Management [5] refers to the process of administrating, controlling, and dealing with the happenings of an organization. The role of a manager is to create and maintain a specific business environment. Some managers take on the role of coaches for their colleagues, but the process of management and coaching differ. Some of the differences are;

  • A coach will not do the work for you. Sometimes a manager may take over for you and show you how to do a task. A coach can never take over for you.
  • A manager has a stake in the results you are delivering. A good manager brings results to their organization. A coach has no stake in your performance. While they are focused on your development, your success or failure will not benefit/hurt them directly.

Coaching vs. Consulting

A consultant is an expert in their field and wants to share this expertise with you

Consultants leverage their expertise and experience to help their clients

Consulting involves a person or groups of people with skills, expertise, or experience using their knowledge to advise individuals, groups, or organizations. [6]. One key differentiator between a coach and a consultant is the source of ‘the truth’ [7]. In consulting, the consultant is the source of the truth. They advise you on what to do based on their knowledge, skills, and experiences.

In coaching, the client is the source of their truth, and the coach helps the client find this truth from within themselves. While the coach may sometimes add value by sharing observations and insights, the main focus of the coaching process is to help the client find their own insights.

Coaching vs. training/teaching

A teacher focuses on giving you the information. A coach is focused on helping you find the answers in yourself

A teacher/trainer is an individual with theoretical or practical knowledge and experiences who undertakes the process of imparting this knowledge to students. The main goal of teaching [7] or training is to equip the learners with the knowledge to make their own conclusions and decisions and apply what they learn. This differs from coaching in that the coach’s goal is not to impart knowledge to their client.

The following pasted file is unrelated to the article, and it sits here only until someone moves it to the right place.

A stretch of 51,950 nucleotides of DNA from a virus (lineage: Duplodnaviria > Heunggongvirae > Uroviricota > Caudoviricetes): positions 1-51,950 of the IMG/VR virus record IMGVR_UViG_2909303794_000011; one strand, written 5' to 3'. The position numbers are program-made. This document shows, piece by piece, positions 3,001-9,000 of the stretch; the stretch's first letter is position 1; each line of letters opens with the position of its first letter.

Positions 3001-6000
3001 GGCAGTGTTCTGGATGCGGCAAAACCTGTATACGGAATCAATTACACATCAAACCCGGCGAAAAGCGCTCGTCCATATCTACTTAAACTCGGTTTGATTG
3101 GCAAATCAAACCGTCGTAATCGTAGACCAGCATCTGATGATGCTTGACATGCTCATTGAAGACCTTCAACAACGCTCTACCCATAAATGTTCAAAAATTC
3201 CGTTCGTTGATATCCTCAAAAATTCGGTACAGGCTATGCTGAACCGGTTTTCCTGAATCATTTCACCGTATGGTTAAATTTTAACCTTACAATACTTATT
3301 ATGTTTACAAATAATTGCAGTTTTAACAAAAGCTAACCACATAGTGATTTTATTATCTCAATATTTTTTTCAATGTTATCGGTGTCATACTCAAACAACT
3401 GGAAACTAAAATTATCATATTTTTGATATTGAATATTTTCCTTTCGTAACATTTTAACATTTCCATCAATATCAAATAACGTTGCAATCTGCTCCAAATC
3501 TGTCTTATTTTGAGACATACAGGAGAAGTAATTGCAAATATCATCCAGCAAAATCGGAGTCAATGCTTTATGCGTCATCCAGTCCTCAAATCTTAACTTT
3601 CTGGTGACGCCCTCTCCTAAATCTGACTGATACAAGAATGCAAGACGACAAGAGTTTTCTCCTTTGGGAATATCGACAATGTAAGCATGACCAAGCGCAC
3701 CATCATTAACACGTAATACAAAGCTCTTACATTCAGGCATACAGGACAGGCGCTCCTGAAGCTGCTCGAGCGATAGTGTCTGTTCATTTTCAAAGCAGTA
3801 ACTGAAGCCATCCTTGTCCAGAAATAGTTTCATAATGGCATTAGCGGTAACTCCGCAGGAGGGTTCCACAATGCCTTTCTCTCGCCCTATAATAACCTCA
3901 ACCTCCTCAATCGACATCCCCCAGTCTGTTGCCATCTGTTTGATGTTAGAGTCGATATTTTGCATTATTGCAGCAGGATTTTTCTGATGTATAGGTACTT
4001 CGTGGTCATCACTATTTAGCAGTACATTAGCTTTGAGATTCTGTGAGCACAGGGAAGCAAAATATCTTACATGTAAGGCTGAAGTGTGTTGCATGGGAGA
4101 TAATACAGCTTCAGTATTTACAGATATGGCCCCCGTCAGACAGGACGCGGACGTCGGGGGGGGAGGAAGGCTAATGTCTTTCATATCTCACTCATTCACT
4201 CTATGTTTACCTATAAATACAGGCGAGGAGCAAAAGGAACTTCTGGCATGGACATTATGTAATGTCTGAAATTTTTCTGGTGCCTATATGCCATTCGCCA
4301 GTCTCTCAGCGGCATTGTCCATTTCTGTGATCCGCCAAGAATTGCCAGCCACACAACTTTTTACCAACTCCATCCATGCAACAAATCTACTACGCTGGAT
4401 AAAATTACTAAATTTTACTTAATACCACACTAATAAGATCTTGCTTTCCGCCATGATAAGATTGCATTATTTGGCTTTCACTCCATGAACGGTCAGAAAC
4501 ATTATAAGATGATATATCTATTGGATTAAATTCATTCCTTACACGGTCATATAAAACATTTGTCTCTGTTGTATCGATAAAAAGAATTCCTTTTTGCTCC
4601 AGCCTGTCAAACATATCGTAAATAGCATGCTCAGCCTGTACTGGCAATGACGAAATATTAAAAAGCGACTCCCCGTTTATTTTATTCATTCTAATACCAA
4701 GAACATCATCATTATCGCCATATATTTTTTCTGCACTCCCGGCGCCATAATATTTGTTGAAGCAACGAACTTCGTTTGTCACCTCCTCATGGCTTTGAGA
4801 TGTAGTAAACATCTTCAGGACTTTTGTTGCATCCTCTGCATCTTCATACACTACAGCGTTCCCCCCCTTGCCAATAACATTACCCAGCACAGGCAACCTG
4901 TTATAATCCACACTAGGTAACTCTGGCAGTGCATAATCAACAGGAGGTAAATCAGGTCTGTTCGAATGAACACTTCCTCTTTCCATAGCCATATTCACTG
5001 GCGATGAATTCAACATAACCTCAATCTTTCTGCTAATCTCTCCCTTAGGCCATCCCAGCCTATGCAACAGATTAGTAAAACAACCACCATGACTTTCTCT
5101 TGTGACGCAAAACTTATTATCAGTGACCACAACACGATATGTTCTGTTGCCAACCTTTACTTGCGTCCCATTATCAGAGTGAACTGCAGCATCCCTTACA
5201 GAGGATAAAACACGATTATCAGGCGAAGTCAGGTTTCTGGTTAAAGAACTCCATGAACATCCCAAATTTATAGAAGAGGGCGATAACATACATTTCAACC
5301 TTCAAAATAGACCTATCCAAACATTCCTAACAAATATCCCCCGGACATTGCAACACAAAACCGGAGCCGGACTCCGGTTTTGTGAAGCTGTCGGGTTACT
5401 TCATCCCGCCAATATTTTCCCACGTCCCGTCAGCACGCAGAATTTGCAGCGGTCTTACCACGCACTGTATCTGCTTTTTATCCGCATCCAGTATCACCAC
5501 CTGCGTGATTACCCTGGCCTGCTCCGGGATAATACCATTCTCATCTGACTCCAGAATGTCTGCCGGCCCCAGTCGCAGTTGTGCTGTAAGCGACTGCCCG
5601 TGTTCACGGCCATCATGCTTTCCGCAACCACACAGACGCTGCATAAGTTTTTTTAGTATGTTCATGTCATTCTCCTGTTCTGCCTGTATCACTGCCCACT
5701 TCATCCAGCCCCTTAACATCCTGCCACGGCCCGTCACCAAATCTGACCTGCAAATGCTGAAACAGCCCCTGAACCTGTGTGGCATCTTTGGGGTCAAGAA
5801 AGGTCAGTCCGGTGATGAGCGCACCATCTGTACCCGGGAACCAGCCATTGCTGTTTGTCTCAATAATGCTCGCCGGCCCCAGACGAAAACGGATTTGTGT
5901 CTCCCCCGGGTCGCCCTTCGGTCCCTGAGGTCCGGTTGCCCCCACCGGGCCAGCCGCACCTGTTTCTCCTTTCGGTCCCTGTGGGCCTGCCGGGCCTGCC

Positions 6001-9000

As with consulting, a coach may have insights and observations to share. However, sharing these insights and observations is not the goal of the coaching practice. Other differences include;

  • There are no assessments or tests with coaching.
  • In teaching, teachers lead the process. In coaching, the client directs the session.
  • Teaching focuses on learning, while coaching focuses on the development of the client.
  • In coaching, the client sets out the objectives of the process, whereas, in teaching, the teacher sets out the goals.

Coaching vs  mentoring

A mentor undertakes the role of working with and advising a mentee to help the mentee grow in particular areas. For example, a career mentor can help a mentee grow their career. Often, a mentor is in a more advanced position than their mentee and acts as a role model or a sounding board while providing guidance. 

Mentoring, like consulting, is based on giving advice and pointing a client in a specific direction, whereas coaching is not. Some mentors play the role of coaches, but not all mentors are coaches.


Which helping professional do you need?

There are many helping professions. The best way to distinguish between them is to look at what type of help you need, for how long, and how you would like that assistance to be given. You then compare this with what the profession can offer. Hopefully, this article has shed light on the differences between some of the helping professions allowing you to decide which one you need.

If you are looking for a coach to assist you in managing your ADHD or in filling executive function deficits, email me or book a free 30 min consultation using the button below.. Not sure what executive functions are? Check out this article I wrote on it.